Roop Malik, the winner of Infosys and the Shanti Swarup Bhatnagar award has been studying molecular motors since last 16 years. He describes molecular motors as a porter carrying suitcases which may be bacteria, balls of fat, pathogens, mitochondria etc.,
They move these suitcases from one point to another.
This motion delayed by even a few microns per second can cause disease.
Every-time whether it’s a body part or human nature that goes against the grain of what’s expected, accidents tend to happen, with adverse outcomes.
Doctors, scientists, psychologists have analysed these movements and behaviors for decades trying to figure out why does it happen the way it does.
In his book “Everybody lies” Seth Stephens gives example of a study that showed women admitting to have intercourse 55 times a year of which 16% of the time they used a contraceptive. This added to 1.6 billion contraceptives. A similar study on men showed use of 1.1 billion contraceptives. However a according to Nielsen the actual sale of contraceptives amounted to only 600 Million.
Who’s lying? Of course- both
Why did people lie-in the example above you can attribute it to “Social desirability bias” that leads people to overplay perceived “good behaviour” while underplaying adverse “bad behaviour”.
The molecules that don’t work can be easily replaced with behavior that doesn’t work in the right direction.
However this very bias causes irrational decision where they ideally should not causing Risk-Aversion when it should not.
Investors tend to invest at the Peak lured by past returns and run away for a long-time after suffering losses failing to take advantage of favorable risk-reward.
Risk Aversion Vs. Risk Avoidance
Investors often get hung-up on perceived risk or lack of it.
X will happen-resulting into Y so let me wait it out;
However what happens when X is Gone, Y has happened: What does it change?
The Investor who invested prior to “X” happening and the one who invested post “X” happening are at the same level from there-on;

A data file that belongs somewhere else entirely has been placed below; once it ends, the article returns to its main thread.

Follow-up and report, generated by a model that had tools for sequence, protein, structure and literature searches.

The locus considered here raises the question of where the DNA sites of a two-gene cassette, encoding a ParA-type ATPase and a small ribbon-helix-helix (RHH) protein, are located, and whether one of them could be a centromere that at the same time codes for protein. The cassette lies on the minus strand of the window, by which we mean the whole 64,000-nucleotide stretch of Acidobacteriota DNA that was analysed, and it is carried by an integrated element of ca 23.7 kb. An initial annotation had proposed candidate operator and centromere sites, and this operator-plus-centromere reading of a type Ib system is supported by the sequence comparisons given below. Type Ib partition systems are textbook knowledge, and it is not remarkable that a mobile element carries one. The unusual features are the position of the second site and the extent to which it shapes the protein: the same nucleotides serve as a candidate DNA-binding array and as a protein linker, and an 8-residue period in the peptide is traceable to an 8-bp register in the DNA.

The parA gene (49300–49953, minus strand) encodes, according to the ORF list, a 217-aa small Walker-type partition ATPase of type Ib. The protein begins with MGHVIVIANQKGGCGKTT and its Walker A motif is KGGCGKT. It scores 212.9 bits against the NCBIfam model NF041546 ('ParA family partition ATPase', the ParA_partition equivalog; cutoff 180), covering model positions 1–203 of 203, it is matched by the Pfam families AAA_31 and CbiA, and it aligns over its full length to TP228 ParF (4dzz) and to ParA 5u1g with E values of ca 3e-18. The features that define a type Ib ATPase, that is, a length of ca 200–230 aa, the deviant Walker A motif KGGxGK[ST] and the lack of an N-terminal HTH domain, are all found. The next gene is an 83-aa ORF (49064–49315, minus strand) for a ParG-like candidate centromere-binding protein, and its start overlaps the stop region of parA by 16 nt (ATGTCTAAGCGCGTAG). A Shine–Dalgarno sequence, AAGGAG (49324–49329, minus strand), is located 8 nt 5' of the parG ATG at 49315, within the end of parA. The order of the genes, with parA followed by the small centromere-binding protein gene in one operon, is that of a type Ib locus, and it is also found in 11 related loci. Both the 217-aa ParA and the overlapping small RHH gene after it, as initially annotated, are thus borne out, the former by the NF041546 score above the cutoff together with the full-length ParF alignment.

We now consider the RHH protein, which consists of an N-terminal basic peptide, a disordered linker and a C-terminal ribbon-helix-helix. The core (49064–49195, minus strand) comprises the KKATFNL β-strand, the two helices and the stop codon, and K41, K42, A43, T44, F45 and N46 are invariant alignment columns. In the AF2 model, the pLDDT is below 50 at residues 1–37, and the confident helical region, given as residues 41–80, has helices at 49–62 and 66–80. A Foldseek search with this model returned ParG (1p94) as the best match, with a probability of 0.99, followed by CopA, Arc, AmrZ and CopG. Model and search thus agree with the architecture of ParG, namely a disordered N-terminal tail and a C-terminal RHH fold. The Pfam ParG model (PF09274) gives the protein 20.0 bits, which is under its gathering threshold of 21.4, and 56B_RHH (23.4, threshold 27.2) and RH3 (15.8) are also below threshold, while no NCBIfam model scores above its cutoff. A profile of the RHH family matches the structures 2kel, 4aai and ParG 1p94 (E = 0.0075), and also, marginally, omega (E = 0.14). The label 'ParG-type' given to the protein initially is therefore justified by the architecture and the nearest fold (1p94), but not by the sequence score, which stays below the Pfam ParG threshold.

Unless they are traders, there long-term investment is not going to be impacted by “X” or “Y” but the quality of “WHAT THEY BOUGHT”
Here is a classic example:
Now here is a company where nothing happened for the longest time;
Than it went up 4-times over 18-month period between Jan-2010-June-2011 and again lost 85% value over the next 6-months;
Today it’s up 400 times from the bottom in 2011-December;
Even for the investor who invested at the peak in June-2011, the investment is up almost 100 times today;
An excellent return by any measure;
What’s’ the HACK?
Identification of the right investment is the key;
If it’s a business that you are investing in, here are the 2-things to be kept in mind:
- Is it a Good Business?-is the business, the sector in which its operating growing with potential for growth and is the management honest;
- Price-Am I buying this business at a Fair price
If it’s a Fund strategy, you need to establish the same through an analysis of the current or proposed underlying businesses.
Even after this due-diligence, you might face losses in market volatility and that’s when you do the following:
- Re-visit your rationale for the investment;
- Analyse the underlying to understand if it continues to stay true to the story
If these 2-things look in line, go ahead and not just maintain but invest more;
Its All About Discipline, Silly
End of the day, its all about
- Maintaining a discipline with yourself or the individual who advises you;
- Establish a written rationale;
- Re-visit the rationale periodically
- Change, if required
Hopefully this will help you stay the course